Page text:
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Retrieving last created sequence index

Let's say I have a table with 2 columns,

dogindex auto-generating sequence number
dogname varchar2(30)

If I insert a row into the table, how do I retrieve the last created index?  I am not looking for the following answer:

select max(dogindex) from dogtable

Rather, I'm looking for an Oracle equivalent of MS SQL Server's @@Identity system variable that will return the last created index.

Thanks.

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BCao
Asked:
BCao
1 Solution
 
Guy Hengel [angelIII / a3]Billing EngineerCommented:
In Oracle I was used to query a new sequence number into a variable, and use that variable to create (insert) the new record. I could then use that variable to return to the application...

CHeers
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vbDocCommented:
Ah, check out ROWNUM. The ROWNUM can also be used to update a table and to add a sequential number to each record. If a column named custiomer_id2 to  datatype NUMBER(7) was added to a table called s_customer, then the following update can be performed to uniquely number each record.

UPDATE s_customer
SET customer_id2 = ROWNUM;

HTH
John
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BCaoAuthor Commented:
Thanks guys for the replies, but unfortunately I cannot change the table design.

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joekendallCommented:
You could retrieve the currval from the sequence which should show the last value inserted into the table. Something like this would work:

SELECT SequenceName.currval FROM dual;

Thanks!

Joe
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Mark GeerlingsDatabase AdministratorCommented:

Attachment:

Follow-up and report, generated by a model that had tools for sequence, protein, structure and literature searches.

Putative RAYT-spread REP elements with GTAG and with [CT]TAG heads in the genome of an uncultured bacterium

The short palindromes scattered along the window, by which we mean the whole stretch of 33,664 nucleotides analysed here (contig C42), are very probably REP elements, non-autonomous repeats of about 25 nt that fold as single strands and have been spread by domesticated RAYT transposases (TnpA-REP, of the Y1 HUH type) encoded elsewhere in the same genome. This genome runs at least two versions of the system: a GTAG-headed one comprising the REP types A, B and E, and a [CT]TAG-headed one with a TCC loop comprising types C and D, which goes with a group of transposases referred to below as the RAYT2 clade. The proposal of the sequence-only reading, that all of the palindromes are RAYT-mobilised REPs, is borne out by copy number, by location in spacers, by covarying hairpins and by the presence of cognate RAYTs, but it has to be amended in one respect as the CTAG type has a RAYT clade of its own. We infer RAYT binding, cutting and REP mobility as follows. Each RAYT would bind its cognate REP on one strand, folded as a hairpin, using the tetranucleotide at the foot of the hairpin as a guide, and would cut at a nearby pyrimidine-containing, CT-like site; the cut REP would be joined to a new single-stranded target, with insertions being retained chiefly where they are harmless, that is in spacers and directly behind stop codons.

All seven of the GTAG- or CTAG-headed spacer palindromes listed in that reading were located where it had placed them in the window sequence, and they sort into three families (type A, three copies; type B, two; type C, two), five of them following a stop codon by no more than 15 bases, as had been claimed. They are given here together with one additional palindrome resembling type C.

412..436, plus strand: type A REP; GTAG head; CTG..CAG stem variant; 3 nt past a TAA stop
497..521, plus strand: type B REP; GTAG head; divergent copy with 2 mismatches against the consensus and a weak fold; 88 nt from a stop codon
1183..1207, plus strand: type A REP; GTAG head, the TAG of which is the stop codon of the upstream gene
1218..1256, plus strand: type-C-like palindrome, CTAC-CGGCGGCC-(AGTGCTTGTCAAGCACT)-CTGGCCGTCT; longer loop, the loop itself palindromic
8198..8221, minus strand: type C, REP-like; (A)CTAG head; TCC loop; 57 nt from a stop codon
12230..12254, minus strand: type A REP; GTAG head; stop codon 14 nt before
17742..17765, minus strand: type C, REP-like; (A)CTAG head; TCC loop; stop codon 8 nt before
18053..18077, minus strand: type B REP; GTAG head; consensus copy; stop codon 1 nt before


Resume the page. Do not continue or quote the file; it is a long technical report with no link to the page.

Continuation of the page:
Oracle tables do not directly support an "auto-generated" column the same way the MS SQL Server does.

Usually in Oracle "index" numbers like this for key values are generated by an Oracle sequence (I'm not sure that MS SQL Server has an object like an Oracle sequence.)  Insert statements typically get the next value with syntax like "sequence_name.nextval".  Let's assume you created a sequence named dog_seq and your table is named "dog_table".  Then in SQL*Plus your insert statement would look like this:

insert into dog_table
values (dog_seq.nextval, '&dog_name');

You could use a very similar statement in any other tool, just by substituting an appropriate variable for '&dog_name'.

If you have referenced that sequence in a session (with an insert statement that included "dog_seq.nextval") then you can query the database directly to see the last index value created.  Simply:
select dog_seq.lastval from dual;

If you haven't referenced that sequence though in your current database session, the only way to get the last value would be to select the highwater value from the sys.seq$ table.  But you need DBA privilege to do that, and you need to join it to sys.obj$ to use the sequence name.  Also, if the sequence was set up to cache values in the SGA, this query will show the last value cached, which wis usually higher than the last value actually used.

The bottom line is, in Oracle this particular question is not as easy to answer as it is in MS SQL Server.  I would usually get it by:
select max(dogindex) from dog_table;

This query will be fast if the column is indexed.  This is not the best way for an application to get the next value though (by selecting the max and adding 1) since multiple users could issue that same select at the same time.  Sequences handle that concurrency issue for you.
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BCaoAuthor Commented:
Thanks, your thourough answer was very insightful.

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